On the site of the former car yard for the MBTA, the Kennedy School of Government has evolved over the past quarter century. Here would have risen the John F. Kennedy Museum and Library, with its proposed glass pyramid by I. M. Pei (anticipating his Louvre design), had not the public fear of tourists overwhelming the Harvard Square area prevented it. Instead, Architectural Resources Cambridge established a master plan and crafted a series of three buildings in water-struck red brick that offer a modern reinterpretation of the Georgian Revival architecture of Harvard's River Houses (HS8). The new Littauer Center (1978) rose first, providing the core for the campus with dining facilities, classrooms, and faculty offices surrounding the ARCO Center (recently renamed for John F. Kennedy Jr.) as a multilevel, flexible meeting space. Their schemes for Belfer (1985) and Eliot (1986) perpetuated the Littauer design formula. In 1990, TAC added the Taubman building, similar in massing and materials although more elaborate in detailing.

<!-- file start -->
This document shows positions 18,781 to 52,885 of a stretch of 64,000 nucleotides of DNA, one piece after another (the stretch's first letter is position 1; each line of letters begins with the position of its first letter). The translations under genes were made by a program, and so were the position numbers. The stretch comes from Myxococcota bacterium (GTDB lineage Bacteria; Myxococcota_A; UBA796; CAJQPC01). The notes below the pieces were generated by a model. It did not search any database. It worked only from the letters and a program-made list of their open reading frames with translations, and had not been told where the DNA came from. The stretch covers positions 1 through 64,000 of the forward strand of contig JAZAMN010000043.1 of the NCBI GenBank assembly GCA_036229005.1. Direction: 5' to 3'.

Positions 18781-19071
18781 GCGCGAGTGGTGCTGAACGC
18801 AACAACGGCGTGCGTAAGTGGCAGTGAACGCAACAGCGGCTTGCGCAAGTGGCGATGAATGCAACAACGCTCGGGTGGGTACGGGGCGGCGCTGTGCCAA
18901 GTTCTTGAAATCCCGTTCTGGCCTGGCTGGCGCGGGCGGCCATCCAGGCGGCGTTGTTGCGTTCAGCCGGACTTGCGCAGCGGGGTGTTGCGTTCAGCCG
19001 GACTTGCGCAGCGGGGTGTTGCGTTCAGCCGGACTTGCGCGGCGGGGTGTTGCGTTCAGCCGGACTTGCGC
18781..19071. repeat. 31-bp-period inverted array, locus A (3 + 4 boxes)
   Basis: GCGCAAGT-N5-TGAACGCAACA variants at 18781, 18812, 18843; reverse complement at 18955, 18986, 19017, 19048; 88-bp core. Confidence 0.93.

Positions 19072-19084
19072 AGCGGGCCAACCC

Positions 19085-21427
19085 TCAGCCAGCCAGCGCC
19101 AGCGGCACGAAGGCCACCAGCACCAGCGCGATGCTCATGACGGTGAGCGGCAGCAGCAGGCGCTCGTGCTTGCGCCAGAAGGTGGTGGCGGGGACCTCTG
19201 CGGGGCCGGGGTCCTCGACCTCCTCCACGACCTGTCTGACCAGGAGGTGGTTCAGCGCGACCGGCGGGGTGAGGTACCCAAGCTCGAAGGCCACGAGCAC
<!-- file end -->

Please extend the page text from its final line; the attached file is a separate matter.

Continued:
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John F. Kennedy School of Government
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